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UPDATE: Power plant tripped, causing widespread power outages in Alaska

(WBKO)
Published: Jan. 29, 2019 at 9:01 AM AKST
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10:30 a.m. Update:

Chugach Electric spokesperson Julie Hasquet explained the reason for much of Chugach's initial customer outage has also been linked to the problem at ML&P's Plant 2A.

Hasquet said all railbelt utilities are connected and pool certain aspects of their power generation. When 2A went down, Chugach and other power providers took part in "load shedding" in order to divert enough power to essential systems to avoid damage to generators or plants.

In shedding their loads, some customers experienced momentary power outages, even though their connections to the grid weren't interrupted or damaged themselves.

"It's really a good thing we're connected like this, to pick up demand when frequency gets too low," Hasquet said.

9:40 a.m. Update:

A plant tripped, going offline early Tuesday, and causing outages to thousands within the service area, according to ML&P spokesperson Julie Harris.

All customers within the ML&P service area are back online, Harris said.

The plant, Plant 2A, went offline, causing the load shed to create outages due to an automatic system which goes into place, Harris explained.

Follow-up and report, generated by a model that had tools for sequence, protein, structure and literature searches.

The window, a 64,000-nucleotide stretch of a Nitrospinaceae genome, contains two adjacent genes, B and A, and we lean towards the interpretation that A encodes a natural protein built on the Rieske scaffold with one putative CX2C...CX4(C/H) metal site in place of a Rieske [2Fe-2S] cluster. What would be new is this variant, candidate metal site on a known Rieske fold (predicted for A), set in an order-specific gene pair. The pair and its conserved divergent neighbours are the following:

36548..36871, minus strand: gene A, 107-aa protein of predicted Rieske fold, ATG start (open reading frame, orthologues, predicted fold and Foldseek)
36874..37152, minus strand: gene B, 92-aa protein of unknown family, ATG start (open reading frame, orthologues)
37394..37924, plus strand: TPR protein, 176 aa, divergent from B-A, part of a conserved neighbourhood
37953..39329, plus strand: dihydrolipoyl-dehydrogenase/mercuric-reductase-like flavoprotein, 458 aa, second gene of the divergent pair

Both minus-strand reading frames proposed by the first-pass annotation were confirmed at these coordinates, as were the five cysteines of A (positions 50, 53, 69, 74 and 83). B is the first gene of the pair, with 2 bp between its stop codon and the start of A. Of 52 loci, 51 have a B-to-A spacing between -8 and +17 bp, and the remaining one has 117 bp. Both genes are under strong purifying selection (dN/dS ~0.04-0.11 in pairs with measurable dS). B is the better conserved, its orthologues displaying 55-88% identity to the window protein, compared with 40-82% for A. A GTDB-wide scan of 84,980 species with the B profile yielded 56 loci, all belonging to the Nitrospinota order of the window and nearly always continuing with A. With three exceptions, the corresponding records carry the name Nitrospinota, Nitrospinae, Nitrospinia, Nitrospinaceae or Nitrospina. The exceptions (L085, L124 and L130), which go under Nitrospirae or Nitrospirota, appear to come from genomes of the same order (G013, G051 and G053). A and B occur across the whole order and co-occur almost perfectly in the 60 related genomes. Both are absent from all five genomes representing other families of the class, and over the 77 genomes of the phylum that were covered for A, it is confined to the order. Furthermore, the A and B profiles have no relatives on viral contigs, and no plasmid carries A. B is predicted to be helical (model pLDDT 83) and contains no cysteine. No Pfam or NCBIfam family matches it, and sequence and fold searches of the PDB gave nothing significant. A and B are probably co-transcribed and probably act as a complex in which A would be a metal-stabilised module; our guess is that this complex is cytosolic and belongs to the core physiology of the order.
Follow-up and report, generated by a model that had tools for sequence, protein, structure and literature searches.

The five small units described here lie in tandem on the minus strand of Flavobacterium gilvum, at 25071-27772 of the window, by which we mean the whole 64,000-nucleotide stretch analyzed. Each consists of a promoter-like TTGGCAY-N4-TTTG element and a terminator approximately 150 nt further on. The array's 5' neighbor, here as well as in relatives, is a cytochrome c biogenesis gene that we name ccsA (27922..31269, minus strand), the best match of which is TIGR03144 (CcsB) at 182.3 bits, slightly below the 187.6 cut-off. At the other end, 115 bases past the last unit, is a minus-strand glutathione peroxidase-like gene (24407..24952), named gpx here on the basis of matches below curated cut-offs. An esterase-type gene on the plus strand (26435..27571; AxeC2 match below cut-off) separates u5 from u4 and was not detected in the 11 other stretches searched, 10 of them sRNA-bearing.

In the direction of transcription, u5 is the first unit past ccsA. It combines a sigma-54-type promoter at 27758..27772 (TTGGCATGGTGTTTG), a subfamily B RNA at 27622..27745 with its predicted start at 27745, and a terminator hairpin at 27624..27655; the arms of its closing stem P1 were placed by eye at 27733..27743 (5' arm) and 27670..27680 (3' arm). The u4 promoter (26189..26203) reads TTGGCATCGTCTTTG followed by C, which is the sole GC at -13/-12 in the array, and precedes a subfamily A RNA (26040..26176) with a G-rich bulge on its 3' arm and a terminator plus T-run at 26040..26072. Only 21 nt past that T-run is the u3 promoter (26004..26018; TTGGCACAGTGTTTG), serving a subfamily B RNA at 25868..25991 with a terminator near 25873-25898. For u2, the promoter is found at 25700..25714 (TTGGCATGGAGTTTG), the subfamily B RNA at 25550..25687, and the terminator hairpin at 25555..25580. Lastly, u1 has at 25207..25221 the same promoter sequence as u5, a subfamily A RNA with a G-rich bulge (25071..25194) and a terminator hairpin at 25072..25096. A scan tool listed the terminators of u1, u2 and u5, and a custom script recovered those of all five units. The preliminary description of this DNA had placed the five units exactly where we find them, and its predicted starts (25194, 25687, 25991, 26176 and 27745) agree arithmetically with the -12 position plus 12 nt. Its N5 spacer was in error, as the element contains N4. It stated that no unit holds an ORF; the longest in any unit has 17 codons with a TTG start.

The investigation into what caused Plant 2A to go offline is still ongoing.

According to Chugach Electric's power outage map, around 600 customers remain without power.

Original Story:

Thousands of Anchorage residents are reportedly without power early Tuesday morning, according to providers.

Chugach Electric Association, on its online outage reporting map, initially showed more than 6,500 homes without power inside its service area. Of that figure, Dowling and Spenard made up the bulk of those reporting power loss. That number eventually fell to 500.

As for the other section of town making up the ML&P Service Area, including Anchorage's downtown, representatives said that around 5,000 people are without power.

According to ML&P, the outage is not concentrated in any one place and is scattered throughout the service area.

The cause is under investigation, but an ML&P spokesperson said it was a generation issue.

This is a developing story and will be updated.